Post-retirement age workers and health and safety

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Dr Alexandra Farrow, Brunel University School of Health Sciences and social care Dr Frances Reynolds, Brunel University School of Health Sciences and social care

What’s the problem?

The national infrastructure of some countries will face increasing challenges from a population that is ageing. So far, research on the health and safety risks of workers over 60 has been limited. Studies on the perceptions of safety have tended to define ‘older’ workers as 50-plus, rather than people over retirement age. When people over 60 have been included in research, the focus has been either on motivations for working or on accident rates and days lost from injury. Generally, these studies have featured managers’ and employers’ – not employees’ – perceptions and experiences of health and safety in the workplace.

The research project had three objectives:

  • to carry out a systematic review of evidence available in 2009 concerning safety practices and risks for workers aged over 60;
  • to conduct a qualitative interview study of workers over age 60 in 2010; and
  • to conduct an online survey of workers in all age groups, comparing experiences and attitudes on safety at work in 2011

What did our researchers do?

The literature review addressed the specific question, ‘What are the health and safety risks associated with postretirement age working?’ Using several databases, the authors looked for relevant health and safety research in which participants aged over 60 formed substantial sections of the sample. The search criteria excluded policy documents, management perceptions of older workers’ benefits and liabilities, and articles about health after retirement.

The authors then conducted face-to-face interviews with 40 people aged 60–91 to explore their perceptions of workplace hazards and discomforts. Each person was asked about their experience of safety risks and incidents and safety practices at work.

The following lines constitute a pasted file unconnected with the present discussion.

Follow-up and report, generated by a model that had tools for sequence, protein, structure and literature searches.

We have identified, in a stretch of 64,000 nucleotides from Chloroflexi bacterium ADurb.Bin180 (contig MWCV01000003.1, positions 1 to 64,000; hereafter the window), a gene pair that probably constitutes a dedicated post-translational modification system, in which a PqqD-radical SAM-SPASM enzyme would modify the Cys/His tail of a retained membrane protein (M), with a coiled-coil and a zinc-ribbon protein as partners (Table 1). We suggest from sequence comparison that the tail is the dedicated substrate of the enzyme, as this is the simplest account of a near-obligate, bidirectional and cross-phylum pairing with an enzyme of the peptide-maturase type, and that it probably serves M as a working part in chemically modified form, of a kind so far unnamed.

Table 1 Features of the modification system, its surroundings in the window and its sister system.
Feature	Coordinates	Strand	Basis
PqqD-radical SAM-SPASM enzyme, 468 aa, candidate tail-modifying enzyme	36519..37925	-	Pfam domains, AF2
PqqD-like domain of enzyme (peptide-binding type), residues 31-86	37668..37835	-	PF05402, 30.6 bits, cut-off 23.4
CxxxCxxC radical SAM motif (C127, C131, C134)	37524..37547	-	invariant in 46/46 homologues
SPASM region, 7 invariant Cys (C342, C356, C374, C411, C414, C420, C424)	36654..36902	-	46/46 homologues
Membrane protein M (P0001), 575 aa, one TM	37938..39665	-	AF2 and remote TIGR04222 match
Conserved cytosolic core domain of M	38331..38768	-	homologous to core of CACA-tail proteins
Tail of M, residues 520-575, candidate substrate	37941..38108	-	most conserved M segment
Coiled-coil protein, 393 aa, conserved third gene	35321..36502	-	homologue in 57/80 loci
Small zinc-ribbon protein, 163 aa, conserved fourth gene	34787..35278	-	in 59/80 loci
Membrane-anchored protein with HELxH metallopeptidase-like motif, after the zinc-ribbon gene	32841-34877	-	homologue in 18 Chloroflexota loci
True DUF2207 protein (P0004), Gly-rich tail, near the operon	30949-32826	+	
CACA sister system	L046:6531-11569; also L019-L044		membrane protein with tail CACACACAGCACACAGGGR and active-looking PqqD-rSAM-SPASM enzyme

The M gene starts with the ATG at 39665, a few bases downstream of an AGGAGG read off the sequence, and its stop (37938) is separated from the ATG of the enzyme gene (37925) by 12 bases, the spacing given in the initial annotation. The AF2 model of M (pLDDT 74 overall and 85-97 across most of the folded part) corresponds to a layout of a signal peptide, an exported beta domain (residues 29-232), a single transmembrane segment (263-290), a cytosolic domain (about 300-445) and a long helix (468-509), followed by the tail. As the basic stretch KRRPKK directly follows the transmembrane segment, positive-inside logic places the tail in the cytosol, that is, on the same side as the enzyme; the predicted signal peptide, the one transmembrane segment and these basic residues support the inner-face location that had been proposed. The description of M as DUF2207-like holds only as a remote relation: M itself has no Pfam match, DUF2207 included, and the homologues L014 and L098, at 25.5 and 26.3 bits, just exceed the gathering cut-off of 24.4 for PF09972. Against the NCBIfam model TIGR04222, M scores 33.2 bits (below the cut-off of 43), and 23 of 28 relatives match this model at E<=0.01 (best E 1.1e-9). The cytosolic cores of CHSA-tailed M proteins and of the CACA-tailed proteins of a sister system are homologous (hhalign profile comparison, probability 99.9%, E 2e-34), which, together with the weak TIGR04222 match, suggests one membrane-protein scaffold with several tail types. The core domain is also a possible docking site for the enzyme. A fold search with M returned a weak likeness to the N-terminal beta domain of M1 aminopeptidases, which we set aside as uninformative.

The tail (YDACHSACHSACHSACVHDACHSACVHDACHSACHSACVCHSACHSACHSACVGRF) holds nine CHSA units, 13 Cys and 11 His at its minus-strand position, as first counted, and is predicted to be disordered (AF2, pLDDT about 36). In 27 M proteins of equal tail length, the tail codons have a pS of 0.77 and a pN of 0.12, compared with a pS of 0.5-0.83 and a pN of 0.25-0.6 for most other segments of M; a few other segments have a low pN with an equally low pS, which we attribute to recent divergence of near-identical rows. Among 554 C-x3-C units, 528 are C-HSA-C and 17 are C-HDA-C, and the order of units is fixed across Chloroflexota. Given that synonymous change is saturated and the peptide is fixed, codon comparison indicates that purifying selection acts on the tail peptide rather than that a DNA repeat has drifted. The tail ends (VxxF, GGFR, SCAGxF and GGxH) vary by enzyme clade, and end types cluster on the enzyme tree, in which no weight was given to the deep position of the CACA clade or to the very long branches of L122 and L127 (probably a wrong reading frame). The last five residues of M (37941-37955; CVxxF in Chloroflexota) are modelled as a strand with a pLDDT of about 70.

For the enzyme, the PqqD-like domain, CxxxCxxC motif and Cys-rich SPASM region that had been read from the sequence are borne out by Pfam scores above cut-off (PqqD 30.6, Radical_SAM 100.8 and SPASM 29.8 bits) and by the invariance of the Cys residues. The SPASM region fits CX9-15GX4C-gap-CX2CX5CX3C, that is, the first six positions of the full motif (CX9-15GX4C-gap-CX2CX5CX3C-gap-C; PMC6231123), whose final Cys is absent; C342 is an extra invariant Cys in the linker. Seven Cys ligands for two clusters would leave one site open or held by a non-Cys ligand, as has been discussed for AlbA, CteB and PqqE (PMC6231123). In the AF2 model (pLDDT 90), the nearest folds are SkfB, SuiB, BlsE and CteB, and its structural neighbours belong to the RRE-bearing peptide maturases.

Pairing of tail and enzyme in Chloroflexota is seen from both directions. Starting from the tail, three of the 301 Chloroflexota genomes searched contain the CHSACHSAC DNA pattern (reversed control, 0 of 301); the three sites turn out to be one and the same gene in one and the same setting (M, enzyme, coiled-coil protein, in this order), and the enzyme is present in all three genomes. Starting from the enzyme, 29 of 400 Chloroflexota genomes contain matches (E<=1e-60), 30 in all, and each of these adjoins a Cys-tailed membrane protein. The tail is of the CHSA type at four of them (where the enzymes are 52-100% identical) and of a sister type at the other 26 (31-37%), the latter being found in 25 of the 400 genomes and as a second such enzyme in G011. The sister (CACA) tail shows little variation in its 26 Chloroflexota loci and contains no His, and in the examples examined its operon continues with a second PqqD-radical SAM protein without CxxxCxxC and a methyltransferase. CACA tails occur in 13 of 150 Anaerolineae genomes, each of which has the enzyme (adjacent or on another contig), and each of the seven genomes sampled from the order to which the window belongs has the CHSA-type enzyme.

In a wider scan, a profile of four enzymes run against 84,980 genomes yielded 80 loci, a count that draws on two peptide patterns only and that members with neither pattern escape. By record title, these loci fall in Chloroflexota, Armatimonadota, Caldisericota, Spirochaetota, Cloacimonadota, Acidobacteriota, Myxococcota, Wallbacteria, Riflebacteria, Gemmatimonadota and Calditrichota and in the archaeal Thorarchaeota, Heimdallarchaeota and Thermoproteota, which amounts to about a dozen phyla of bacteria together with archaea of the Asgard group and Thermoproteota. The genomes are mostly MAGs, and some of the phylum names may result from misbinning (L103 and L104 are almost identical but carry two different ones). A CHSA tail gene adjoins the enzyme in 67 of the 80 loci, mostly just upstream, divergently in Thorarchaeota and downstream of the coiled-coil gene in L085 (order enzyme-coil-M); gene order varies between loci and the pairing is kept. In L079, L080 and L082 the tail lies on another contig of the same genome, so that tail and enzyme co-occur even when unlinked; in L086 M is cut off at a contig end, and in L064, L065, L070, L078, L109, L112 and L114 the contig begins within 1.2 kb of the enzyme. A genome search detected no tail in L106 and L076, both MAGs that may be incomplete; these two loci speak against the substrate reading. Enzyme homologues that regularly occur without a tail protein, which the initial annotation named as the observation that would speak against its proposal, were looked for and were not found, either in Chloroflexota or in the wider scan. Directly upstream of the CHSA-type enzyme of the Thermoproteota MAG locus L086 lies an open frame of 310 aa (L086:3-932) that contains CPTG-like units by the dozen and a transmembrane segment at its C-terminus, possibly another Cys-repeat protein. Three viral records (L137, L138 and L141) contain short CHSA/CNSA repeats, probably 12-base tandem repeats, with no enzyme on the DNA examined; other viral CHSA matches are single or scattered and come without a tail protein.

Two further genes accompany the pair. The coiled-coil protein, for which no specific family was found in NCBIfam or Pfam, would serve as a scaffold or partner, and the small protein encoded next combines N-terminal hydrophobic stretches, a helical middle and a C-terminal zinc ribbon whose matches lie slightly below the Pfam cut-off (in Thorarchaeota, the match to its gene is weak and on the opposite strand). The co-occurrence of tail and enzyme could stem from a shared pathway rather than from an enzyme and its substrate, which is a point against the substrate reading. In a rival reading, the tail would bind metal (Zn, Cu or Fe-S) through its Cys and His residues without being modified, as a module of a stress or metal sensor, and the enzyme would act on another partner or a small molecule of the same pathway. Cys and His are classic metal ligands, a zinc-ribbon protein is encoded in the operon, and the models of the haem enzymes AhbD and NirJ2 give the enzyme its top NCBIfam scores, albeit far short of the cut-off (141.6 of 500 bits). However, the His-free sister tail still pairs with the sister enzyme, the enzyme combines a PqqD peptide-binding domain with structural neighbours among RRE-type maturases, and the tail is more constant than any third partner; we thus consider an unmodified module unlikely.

The third phase of the project was an online survey. Some themes emerging from the face-to-face interviews were used to design the final survey questionnaire. Respondents were asked about their employers’ preferred retirement age (if any) and to say whether they had retired at the state pension age and then returned to work. Further questions explored safety cultures and attitudes to workplace safety

What did our researchers find out?

Post-retirement age workers may face different workplace risks, relating to specific job tasks. While older people as a whole tend to show cognitive decline with advancing years, there was little evidence that these changes affect job performance or safety for workers aged over 60. This was less clear for driving safety, however.

Education and experience seem to have important protective effects. Workers aged over 60 seem able to apply protective or compensatory strategies which help to maintain safe working practices – for example, when driving. Work patterns such as shift work or overtime do not appear to be related to older workers’ safety.

Overall, the literature review confirmed that relatively little is known about people who work beyond 60 and into their later years. Research studies conducted over a period of time could help to identify factors which enable workers to remain in work safely into their late 60s and beyond.